Powers of special managers in a company winding-up
Cheeswrights are often asked to notarially certify documents for use overseas involving companies registered in England and Wales which are in administration or liquidation, such documents often relate to the disposal of assets which are situated in overseas jurisdictions or the closing of branch offices. In such circumstances, the company can still execute documents, but they are usually signed not by a director, but by the administrator or liquidator. In rare cases, however, the company may instead by represented by a ‘special manager’. What exactly is a special manager?
When a winding-up order is made but no liquidator has been appointed or is able to act, the Official Receiver (the “OR”) automatically becomes the liquidator, by virtue of s136 of the Insolvency Act 1986. However, the circumstances of the case may make it inappropriate for the OR actually to conduct the winding-up of the company. This might perhaps because of a a lack of in-house specialist expertise or manpower at the Insolvency Service; for example, during the winding-up of British Steel in May 2019, the OR was concerned, among other things, to ensure there was no interruption to the safety management of the Scunthorpe Steelworks, where many dangerous chemicals were used or stored, requiring sensitive and specialist scientific oversight to protect the public. The Insolvency Service simply did not have the resources or know-how to take on that responsibility.
In such circumstances, the court has, under s177 of the Insolvency Act, power, on the application of the Official Receiver, to appoint ‘special managers’ to assist in managing the business and assets of the company being wound up. (A similar power under s370 applies in the case of personal bankruptcy.) Typically, the managers will be experienced senior insolvency practitioners, although this is not a requirement. Indeed, there are no rules at all about who may be appointed; when a company called Mawson Ltd. was liquidated in 1961, its former directors ended up as the special managers!
Unfortunately, it is not possible to say much that is definitive about the powers of special managers in general. The Insolvency Act simply provides that “the special manager has such powers as may be entrusted to him by the court” (s177(3)), and also gives the court power to apply any of the provisions of the Act relating to liquidators to the special managers (s177(4)). As such, it is necessary to inspect the court order appointing them to ascertain their powers. It is fair to say, however, that the powers are typically very broad.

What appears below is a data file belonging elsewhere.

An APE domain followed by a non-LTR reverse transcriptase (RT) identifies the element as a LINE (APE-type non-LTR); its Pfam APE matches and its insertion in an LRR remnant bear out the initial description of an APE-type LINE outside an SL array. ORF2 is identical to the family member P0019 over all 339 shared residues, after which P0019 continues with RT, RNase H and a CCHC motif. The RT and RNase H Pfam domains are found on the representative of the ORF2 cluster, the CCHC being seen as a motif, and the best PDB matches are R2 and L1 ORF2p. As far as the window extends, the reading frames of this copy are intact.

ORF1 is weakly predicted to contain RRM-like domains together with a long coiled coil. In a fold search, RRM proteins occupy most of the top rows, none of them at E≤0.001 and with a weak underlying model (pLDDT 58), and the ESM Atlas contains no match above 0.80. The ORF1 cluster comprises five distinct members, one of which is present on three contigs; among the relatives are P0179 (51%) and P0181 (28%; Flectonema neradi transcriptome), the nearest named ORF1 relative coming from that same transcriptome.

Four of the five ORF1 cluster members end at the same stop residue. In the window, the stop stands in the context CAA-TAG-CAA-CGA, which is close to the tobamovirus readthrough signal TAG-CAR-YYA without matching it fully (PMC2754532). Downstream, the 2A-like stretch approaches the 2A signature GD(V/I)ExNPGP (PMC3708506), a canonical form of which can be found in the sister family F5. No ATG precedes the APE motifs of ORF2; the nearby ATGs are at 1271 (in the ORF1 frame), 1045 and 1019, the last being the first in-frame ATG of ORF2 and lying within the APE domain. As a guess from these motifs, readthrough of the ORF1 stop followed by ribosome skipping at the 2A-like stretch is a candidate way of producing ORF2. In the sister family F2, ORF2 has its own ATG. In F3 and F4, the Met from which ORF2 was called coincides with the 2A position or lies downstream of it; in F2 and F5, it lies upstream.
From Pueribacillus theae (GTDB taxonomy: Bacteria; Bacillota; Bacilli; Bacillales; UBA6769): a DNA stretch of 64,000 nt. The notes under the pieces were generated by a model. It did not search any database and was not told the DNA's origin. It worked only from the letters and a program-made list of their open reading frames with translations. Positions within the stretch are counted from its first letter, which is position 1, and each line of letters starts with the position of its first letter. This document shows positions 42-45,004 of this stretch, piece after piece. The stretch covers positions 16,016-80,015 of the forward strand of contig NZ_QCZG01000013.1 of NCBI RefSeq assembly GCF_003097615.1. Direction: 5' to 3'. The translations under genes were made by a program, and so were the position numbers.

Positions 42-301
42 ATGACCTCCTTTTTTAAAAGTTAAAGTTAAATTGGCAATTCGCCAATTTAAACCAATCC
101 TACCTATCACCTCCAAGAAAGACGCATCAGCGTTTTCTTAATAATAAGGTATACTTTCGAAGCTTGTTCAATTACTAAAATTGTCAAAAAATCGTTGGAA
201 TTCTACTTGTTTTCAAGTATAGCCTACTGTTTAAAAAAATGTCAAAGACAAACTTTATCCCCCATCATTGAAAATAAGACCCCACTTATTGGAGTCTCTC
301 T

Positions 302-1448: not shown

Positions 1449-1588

For example, the Order appointing special managers on the liquidation of Carillion plc in January 2018 provided that “the Special Managers shall act as the agents of the Company and shall have all such powers as are necessary for the orderly operation and/or shut down of the Company’s business”, followed by a long and very broad list of functions. The judge went on to order “that any provisions of the Insolvency Act 1986 relating to the Official Receiver and liquidator are to have like effect in relation to the Special Managers for the purpose of the carrying out by them of any functions of the Official Receiver”. The appointment of special managers to British Steel was in similar terms.
Where such provisions are included in the Order, the effect is that the special manager has the same powers as a liquidator; for example, the power to execute deeds on behalf of the company, and to use its seal (Sch. 4 para. 7 of the Act). Where more than one special manager is appointed and the Order does not specify that they may act severally, it may be assumed that they must act jointly.
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